The best way to describe it is that I’m using food as a device to tell our family’s story. The dishes and recipes are inspired by our history and reflect our diaspora, from the rice farms of Kaiping in South China, to the sugar cane fields of Fiji in the South Pacific, to the HDBs of Singapore in Southeast Asia. It’s a rojak collection. Some are Cantonese soups and dishes my father and mother had cooked at home, some are menu items from my father’s restaurant, some are childhood dishes from Fiji and some are picked up when we moved to Singapore. I am not formally trained as a chef and never really learnt recipes properly from my father and mother, but I’m quite observant. My mother has alzheimer’s now so can’t remember much. I attempted to recreate recipes from memory, cross-referencing to how others might be cooking similar dishes and then modifying them a little.
How did you compile and shoot the dishes? Would you cook a dish every day, or several dishes for a day and then shoot them?
At first, I was just focused on cooking, getting the taste right and logging the recipes. I didn’t pay much attention to plating and how it looked. The pictures were merely documentation. When the thought of publishing a book came, I put more thought into plating and presentation. All the meals are cooked in my modest home kitchen and photographed before we ate. On average, I attempted one meal a day, sometimes two. I cooked about 150 dishes in total. Some failed miserably, some I attempted a few times, some I edited out for the final hundred. My mother, wife, sister and helper were my food critics. On a few occasions, I invited my in-laws and some friends over to try my cooking.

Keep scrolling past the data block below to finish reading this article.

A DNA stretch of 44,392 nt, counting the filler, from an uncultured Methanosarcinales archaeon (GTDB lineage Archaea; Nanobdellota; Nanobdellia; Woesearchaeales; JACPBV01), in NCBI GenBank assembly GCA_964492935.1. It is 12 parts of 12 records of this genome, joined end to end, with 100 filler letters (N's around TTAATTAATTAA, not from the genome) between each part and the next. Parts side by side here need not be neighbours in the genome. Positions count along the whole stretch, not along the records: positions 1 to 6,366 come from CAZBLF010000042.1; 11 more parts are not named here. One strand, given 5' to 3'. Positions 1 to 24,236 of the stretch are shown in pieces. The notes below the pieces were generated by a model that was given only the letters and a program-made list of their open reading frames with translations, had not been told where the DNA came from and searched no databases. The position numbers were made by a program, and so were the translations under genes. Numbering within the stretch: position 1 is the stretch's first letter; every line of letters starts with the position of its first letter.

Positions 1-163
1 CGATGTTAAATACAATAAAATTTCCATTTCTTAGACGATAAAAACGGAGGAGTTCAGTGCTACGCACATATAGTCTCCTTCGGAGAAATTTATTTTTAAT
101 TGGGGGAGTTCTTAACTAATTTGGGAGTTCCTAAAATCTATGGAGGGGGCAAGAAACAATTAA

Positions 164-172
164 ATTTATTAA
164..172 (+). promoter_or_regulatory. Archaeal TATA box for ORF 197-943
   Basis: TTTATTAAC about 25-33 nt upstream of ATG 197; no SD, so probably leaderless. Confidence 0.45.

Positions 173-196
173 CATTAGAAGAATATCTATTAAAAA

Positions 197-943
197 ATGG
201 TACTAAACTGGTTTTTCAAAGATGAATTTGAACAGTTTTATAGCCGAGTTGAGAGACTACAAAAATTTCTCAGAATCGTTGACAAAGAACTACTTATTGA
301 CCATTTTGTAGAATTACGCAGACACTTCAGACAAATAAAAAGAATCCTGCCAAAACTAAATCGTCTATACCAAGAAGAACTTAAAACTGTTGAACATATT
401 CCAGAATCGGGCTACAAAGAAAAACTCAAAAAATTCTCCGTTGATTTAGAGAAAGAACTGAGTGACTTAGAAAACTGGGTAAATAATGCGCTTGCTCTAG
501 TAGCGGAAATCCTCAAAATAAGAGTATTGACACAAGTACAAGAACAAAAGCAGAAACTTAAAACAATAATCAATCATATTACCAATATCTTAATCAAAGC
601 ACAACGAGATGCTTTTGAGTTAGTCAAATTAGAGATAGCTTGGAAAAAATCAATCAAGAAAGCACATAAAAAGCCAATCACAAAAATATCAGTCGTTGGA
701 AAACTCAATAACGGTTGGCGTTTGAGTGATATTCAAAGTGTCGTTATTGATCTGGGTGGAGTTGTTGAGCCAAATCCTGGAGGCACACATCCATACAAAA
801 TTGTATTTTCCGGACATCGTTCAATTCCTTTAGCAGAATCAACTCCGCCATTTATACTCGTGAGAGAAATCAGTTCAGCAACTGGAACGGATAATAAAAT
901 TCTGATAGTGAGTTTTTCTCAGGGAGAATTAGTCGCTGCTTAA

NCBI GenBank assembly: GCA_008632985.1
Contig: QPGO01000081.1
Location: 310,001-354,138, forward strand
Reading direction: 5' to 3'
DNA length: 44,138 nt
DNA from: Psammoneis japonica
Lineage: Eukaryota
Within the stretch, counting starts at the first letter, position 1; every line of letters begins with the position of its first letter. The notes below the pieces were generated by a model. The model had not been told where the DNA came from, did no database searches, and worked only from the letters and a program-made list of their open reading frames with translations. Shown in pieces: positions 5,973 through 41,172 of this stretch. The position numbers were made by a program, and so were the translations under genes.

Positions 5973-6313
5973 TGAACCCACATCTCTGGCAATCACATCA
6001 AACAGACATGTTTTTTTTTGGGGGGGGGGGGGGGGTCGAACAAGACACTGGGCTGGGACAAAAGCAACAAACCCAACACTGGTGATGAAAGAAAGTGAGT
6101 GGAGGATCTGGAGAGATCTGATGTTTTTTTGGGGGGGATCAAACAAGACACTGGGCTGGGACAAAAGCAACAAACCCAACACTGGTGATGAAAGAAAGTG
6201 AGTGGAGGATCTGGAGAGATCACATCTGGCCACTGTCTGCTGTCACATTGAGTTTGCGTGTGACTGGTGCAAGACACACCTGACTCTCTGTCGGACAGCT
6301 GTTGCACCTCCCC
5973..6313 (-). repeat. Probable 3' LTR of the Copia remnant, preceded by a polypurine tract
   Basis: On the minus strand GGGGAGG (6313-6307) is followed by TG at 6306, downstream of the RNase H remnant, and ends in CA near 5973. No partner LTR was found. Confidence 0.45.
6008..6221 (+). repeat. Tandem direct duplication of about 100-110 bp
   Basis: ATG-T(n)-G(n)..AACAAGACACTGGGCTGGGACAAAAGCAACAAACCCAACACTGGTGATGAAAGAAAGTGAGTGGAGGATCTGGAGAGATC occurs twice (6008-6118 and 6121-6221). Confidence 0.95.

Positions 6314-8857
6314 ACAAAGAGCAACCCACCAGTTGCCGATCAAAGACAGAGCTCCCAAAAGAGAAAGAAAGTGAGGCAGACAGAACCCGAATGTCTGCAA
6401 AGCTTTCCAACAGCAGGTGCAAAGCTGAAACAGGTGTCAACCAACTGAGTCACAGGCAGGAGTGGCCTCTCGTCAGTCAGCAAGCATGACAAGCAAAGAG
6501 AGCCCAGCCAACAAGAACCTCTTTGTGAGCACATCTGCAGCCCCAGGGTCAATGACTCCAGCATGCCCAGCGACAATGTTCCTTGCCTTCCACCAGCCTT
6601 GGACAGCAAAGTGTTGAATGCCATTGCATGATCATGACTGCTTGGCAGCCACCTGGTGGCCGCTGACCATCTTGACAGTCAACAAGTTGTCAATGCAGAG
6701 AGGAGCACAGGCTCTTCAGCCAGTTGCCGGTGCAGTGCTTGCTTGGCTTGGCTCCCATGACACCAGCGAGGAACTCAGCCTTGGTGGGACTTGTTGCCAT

Where were they shot?